This also elicits character sympathy for Jacob as he’s just too nice to be treated this way but he’s also seemingly too nice to call out Bella’s cattiness.Again, this might be purposely intended to portray Bella as an immature, indecisive teen, but it earns her no applause from me.
but he is more of a background figure in that book.) In some ways, I like Jacob more than Edward: Jacob seems to have more personality, which makes him less one-dimensional, and he is an overall good guy.
At the same time, Jacob contends with being a monster himself (as he and his family are werewolves, though not in the traditional sense).
This is perhaps the cleverest thing Stephenie Meyer has achieved in writing this long, inwardly focused, mostly slow-paced, yet compulsively page-turning book.
Once you start it, you will finish it; and once you finish it, you will want to start the next book in the series, Eclipse.
Aside from Jacob’s personality, the other reason why I viewed him as the book’s saving grace was the sympathy Jacob generates.
Make no mistake: Bella treats Jacob horribly (in my opinion).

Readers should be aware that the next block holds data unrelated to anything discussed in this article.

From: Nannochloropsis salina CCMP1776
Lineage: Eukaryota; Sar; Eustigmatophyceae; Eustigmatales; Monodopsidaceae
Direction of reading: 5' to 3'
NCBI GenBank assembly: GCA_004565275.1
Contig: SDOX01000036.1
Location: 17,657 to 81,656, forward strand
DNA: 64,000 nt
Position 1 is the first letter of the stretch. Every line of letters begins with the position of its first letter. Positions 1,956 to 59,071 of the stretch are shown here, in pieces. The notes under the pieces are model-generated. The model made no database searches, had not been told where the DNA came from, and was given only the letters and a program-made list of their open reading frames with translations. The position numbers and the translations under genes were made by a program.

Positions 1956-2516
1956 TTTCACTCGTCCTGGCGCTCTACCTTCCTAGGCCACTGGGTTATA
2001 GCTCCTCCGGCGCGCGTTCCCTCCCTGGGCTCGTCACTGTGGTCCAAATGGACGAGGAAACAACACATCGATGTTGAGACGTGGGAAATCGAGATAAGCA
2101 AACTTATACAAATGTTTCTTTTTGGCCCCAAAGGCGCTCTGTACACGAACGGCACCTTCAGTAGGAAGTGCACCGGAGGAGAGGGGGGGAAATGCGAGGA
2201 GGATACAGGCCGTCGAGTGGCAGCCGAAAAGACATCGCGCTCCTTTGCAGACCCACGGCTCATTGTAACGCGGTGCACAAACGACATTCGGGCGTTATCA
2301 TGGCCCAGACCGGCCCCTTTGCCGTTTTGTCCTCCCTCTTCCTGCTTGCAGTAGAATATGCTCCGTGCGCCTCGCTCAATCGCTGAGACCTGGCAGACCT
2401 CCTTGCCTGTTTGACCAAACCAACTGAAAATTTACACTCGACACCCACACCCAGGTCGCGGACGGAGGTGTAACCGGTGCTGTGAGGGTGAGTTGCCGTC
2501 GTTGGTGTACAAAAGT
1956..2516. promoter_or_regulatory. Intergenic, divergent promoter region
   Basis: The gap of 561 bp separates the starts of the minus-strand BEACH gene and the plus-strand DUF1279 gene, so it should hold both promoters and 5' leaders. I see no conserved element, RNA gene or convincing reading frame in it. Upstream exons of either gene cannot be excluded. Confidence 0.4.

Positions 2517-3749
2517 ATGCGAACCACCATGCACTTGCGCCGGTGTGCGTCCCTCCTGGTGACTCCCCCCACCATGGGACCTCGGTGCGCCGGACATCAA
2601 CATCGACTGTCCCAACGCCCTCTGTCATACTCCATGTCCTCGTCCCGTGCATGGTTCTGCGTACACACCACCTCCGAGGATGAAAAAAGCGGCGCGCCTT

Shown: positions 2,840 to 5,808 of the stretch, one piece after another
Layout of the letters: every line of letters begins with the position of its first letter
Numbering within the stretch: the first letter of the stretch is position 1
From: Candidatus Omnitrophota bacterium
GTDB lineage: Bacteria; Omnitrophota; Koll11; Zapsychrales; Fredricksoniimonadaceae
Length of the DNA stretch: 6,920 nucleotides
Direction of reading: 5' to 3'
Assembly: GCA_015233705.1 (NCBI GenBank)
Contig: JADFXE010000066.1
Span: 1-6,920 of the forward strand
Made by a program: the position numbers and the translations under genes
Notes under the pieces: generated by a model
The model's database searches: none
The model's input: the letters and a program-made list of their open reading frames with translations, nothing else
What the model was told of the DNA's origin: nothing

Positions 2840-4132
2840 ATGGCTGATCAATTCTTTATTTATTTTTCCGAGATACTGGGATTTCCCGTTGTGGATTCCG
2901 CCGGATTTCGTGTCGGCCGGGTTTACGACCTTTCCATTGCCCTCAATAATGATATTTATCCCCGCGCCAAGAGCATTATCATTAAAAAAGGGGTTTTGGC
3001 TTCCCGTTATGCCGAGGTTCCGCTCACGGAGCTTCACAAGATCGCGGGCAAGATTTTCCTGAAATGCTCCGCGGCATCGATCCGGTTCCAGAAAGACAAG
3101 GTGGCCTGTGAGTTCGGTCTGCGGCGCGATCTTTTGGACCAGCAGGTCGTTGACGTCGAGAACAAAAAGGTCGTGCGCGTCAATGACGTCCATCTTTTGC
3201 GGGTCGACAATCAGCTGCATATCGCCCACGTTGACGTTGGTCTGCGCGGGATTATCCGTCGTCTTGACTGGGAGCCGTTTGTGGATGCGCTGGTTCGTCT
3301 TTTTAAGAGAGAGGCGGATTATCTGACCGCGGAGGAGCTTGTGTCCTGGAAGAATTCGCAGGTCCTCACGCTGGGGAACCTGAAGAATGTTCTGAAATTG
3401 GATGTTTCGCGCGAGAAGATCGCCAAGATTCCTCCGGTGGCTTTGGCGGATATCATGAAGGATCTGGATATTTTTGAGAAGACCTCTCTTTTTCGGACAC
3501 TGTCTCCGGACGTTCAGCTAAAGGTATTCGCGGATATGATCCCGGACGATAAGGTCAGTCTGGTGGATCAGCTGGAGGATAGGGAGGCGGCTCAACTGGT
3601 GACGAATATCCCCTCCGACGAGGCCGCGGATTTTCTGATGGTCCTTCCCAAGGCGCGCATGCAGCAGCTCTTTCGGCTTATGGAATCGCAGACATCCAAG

Bella’s observations of Jacob and Edward continually prompt readers to imagine two very different flavors of physically perfect, spiritually flawed romantic leading men.
Meanwhile, salivating readers – especially teen girls – will scarcely notice that most of the suspense and action are concentrated in a few chapters, while the majority of the book takes place inside Bella’s complex and tortured mind.
Jacob carries a torch for Bella, and as she takes more and more comfort from his friendship she is increasingly tempted to make his dreams come true.
It wouldn’t entirely remove the pain of missing Edward; but since it seems Edward doesn’t want her anymore, why shouldn’t Jacob have her instead?